Australia’s Byron Bay To Lose Splendour In The Grass, Falls Festival?

Two of Australia’s major festivals, Splendour In The Grass and Falls Byron Bay, could leave the picturesque area of Byron Bay and relocate to Queensland – taking A$100 million ($79.6 million) of economic benefits with them.  

The warning came from Mat Morris, general manager of the 260-hectares North Byron Parklands, on which the two festivals are staged.

Parklands is facing resistance from local residents over its A$42 million ($33.4 million) proposal to create a permanent festival site for up to 50,000 patrons and to additionally hold outdoor events for up to 20 days a year.

Residents have long been protective of Byron’s laidback lifestyle, and have protested that the development could create environmental, traffic, noise, emergency evacuation and transport problems. In 2016, angry Splendour patrons faced three-hour bus queues to exit the event. A NSW Police review of the event recommended said the site’s capacity not be increased to 50,000 until those issues were addressed.

The Byron council plans to write its concerns to the Department of Planning and Environment, which will decide if Parklands gets permanent status. For the past five-year trial period, in addition to a 20-month extension, Parklands has demonstrated a greater ability to manage noise and traffic. Morris has addressed many community meetings to address their concerns.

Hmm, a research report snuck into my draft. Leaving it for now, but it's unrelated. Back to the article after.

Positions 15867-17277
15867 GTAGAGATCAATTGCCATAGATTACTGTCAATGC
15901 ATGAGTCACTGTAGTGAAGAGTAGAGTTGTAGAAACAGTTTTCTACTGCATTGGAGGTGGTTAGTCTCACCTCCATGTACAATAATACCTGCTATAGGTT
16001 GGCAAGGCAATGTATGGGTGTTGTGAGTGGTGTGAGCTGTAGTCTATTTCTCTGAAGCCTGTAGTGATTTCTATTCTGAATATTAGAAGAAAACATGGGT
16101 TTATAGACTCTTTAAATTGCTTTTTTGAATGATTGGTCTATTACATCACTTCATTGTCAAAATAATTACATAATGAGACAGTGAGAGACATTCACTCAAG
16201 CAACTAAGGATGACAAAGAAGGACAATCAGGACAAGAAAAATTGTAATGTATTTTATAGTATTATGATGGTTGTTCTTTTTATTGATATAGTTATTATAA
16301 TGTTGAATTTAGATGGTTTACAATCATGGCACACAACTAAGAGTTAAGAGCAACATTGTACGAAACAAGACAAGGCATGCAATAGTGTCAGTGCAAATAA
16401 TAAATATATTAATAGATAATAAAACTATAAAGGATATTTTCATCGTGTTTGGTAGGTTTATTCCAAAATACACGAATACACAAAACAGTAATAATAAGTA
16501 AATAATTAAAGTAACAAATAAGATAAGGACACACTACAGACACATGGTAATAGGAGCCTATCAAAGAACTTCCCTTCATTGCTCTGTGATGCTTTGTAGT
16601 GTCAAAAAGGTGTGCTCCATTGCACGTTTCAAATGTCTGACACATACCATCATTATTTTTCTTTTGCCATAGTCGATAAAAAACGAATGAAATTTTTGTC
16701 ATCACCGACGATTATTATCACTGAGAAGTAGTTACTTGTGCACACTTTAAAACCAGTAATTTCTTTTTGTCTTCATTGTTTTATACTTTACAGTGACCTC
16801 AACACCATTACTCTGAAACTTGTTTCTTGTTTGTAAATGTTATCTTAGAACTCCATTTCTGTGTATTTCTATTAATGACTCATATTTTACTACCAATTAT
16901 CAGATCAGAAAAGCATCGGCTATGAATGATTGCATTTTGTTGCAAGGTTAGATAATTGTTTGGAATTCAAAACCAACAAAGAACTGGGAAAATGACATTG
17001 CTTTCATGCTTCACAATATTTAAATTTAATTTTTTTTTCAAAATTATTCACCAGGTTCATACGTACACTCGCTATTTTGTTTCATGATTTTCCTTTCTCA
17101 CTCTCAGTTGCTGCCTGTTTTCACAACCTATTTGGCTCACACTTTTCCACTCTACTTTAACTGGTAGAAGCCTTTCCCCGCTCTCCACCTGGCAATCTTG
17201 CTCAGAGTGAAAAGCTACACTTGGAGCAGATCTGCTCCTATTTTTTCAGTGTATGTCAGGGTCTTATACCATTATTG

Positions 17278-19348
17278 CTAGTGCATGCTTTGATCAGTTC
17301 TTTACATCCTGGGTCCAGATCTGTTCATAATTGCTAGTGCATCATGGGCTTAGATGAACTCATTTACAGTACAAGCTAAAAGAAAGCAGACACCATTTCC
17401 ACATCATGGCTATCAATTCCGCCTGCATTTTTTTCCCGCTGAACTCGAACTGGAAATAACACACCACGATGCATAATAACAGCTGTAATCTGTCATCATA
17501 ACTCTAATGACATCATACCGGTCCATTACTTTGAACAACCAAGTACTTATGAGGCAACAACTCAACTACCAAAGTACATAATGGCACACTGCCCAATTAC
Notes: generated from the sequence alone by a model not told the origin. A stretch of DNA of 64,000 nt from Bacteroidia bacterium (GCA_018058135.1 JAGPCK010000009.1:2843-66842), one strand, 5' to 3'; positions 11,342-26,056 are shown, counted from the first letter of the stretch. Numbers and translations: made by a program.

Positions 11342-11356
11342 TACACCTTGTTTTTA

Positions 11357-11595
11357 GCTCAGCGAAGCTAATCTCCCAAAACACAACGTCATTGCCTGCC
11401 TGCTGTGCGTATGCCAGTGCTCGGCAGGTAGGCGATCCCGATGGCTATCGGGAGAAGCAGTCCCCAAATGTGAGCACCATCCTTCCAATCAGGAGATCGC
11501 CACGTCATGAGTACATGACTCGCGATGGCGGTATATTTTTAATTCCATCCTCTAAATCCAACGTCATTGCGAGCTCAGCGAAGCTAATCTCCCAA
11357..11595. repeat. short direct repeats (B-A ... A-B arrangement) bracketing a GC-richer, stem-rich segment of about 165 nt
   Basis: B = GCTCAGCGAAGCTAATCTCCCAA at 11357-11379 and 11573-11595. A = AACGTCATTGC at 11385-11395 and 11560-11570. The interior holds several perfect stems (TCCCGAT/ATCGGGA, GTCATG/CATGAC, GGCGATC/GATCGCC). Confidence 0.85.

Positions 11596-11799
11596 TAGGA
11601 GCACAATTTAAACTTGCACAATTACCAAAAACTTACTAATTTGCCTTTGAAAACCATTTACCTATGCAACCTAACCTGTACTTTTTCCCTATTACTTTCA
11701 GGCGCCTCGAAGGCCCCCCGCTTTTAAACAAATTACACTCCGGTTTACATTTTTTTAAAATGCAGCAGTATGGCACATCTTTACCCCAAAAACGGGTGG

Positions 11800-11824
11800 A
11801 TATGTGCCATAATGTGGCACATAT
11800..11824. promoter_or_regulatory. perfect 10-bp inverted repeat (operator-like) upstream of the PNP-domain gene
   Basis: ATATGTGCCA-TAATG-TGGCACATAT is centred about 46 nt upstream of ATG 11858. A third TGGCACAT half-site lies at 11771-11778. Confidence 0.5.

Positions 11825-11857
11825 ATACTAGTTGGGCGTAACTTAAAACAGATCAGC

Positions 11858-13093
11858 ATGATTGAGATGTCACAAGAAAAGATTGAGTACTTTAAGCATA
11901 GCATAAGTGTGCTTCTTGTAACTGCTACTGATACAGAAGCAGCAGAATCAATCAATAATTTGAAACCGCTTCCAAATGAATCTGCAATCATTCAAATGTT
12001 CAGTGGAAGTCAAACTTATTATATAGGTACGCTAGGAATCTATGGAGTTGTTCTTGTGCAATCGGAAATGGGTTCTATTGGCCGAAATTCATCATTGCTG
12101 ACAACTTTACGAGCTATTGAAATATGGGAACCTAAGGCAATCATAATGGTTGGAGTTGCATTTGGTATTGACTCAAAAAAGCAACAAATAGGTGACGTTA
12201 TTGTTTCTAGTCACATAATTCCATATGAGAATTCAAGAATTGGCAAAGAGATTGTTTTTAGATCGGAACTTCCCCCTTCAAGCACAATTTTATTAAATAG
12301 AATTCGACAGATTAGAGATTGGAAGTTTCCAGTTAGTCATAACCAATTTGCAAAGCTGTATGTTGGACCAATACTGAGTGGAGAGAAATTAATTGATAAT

Brandon Saul, promoter of Falls Byron said, “Whilst there’s no such thing as ‘the perfect festival site’, North Byron Parklands comes pretty close. It’s spectacularly beautiful, it has relatively few direct neighbours, its topography incorporates two natural amphitheatres and about 300 acres of level ground suitable for camping – and, it’s adjacent to an arterial road network.”

Morris said a rejection of the proposal would leave no option but for the two festivals to relocate to Queensland. “Hundreds of jobs and more than $100 million in economic benefits will leave a region with high youth unemployment and a range of businesses dependant on these events,” he said.